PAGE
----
Here’s the problem with that short-term, siloed thinking, as we’ve been hearing from businesses: for example, one company used ads to drive people to its e-commerce site, but its customers’ average order value was 40% lower than the e-commerce team projected. This was due to a lot of inventory having being moved into the sale section and a promotion going across the company’s email and social channels. To drive up average order value, the team decided to remove all sale items from the site. Within a week, average order value increased, but the site’s conversion rate went down 80%, halving revenue.

There are plenty of stories like these. Crises just make them more obvious. Crises are also great accelerators. They force organizations to transform faster toward their own future. This global pandemic isn’t a short-term emergency; it is a long-term shift in how businesses operate. It moves a more coordinated and less siloed approach from a “nice to have” to a corporate “must have.”


Holistic brand management is the new marketing. What worked in the past is not going to work in the future, and marketers should use this crisis for decisive action in the following areas.

Register the change in consumer expectations

Brand communication has to acknowledge what consumers are going through and what they need right now. Swap fancy produced content with scrappy, live, real-looking material, created for platforms with a direct communication and communal element, like TikTok, Twitch, and Zoom.

Delta had led the way here: In addition to keeping its customers continuously informed, Delta automatically extended its customers’ medallion status until it is safe to travel again. At the moment when everyone is in quarantine, customer-centric gestures like these work better than being bombarded with promotions. This was a holistic brand decision on Delta’s part and required coordination between finance, operations, and customer service management.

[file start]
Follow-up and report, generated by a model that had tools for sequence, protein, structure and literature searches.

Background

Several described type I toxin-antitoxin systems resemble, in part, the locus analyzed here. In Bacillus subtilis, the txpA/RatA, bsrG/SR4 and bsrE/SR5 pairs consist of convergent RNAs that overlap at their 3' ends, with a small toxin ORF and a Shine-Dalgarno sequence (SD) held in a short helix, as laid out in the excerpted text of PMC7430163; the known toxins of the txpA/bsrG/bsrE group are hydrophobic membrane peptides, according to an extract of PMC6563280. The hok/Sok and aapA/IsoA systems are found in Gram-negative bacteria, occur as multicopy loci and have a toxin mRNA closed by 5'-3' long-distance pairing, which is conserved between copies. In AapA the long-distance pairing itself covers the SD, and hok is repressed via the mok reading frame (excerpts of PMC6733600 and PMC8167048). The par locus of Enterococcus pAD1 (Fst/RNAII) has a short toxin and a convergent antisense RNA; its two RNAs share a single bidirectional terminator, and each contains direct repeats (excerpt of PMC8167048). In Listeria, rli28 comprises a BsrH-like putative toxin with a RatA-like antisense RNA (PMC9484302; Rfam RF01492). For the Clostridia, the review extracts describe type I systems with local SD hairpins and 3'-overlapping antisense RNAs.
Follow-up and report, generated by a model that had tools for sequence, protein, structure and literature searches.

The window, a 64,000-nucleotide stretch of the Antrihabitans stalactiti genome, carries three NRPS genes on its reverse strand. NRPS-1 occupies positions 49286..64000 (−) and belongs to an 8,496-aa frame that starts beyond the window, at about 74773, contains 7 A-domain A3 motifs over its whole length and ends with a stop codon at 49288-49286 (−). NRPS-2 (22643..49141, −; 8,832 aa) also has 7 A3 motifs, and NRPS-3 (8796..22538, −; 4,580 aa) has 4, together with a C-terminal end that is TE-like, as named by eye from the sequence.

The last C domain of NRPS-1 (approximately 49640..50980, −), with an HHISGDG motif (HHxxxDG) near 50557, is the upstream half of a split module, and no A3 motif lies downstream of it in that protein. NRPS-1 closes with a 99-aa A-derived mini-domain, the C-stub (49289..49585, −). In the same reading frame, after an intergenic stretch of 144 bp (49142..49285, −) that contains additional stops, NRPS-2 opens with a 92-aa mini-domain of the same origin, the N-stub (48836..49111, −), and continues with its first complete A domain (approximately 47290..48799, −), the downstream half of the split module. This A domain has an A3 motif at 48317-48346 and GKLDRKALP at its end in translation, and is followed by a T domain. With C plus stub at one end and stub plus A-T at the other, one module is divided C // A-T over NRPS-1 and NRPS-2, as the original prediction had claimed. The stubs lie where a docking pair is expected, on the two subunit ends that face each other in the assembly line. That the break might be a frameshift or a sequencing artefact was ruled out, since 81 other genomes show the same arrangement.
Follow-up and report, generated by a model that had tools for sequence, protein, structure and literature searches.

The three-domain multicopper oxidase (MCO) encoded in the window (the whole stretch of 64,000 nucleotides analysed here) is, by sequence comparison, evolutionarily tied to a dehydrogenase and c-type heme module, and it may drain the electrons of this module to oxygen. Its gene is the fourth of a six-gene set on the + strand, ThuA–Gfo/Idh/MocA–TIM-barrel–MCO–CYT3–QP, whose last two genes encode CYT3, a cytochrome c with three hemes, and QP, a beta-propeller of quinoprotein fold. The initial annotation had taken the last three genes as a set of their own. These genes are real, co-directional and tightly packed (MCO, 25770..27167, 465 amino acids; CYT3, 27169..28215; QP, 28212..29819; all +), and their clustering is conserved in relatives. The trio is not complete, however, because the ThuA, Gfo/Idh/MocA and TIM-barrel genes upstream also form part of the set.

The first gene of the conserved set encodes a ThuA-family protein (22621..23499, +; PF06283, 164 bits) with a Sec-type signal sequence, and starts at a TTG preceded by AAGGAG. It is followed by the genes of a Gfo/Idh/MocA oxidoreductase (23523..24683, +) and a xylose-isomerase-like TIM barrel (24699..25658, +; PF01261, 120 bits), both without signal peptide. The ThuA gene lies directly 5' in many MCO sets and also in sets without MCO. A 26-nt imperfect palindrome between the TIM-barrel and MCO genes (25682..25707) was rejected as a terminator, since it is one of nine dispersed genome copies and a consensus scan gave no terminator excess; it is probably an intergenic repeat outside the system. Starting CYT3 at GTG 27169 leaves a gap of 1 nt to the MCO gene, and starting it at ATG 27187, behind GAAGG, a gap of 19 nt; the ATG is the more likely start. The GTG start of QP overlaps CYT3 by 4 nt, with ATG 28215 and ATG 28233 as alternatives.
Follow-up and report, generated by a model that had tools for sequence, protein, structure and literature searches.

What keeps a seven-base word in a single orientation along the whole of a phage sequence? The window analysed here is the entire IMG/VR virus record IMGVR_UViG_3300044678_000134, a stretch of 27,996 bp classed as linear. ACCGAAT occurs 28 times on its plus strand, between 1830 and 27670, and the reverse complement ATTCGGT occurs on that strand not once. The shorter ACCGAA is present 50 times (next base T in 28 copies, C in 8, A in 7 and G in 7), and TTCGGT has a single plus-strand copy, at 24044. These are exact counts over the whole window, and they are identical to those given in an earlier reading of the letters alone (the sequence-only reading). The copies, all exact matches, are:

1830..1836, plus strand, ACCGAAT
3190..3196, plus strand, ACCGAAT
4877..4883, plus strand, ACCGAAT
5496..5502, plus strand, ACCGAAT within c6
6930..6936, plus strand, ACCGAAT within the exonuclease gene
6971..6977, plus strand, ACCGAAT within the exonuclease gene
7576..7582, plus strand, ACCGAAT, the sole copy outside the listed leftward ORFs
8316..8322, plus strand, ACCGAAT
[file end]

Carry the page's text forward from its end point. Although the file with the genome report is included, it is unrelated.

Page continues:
Actions, not words, are most effective, even though we’re seeing most brands seem to try to outdo each other in using their creative campaigns as public service announcements. People in quarantine don’t necessarily need a reminder of their dire situation.


Entertainment, exercise, and any sort of distraction works better than polished imagery and advertising. For example, true to its connection with independent musicians, Levi’s has launched a daily streaming music program called 5:01 Live.

Ask: What would make my customers feel good? How can I bring them joy and distraction? What is the “job to be done” for my brand community right now?

This is an opportunity for brands across verticals to capitalize on the shift from products to content, from physical stores to virtual membership, from transactions to inspiration, from buying to socializing. Brands should consider it a necessary—and holistic—business adjustment. 

Rethink your relationship with influencers and press

Influencers have large audiences that have been watching, commenting on, and liking their content more than ever during this crisis. Audience engagement is up, but affiliate revenue is down. While brands are not launching new products and paying influencers to spread the word, there is an opportunity for sponsorships and partnerships around influencer lifestyle content that isn’t focused on pushing products but instead on coping with the crisis.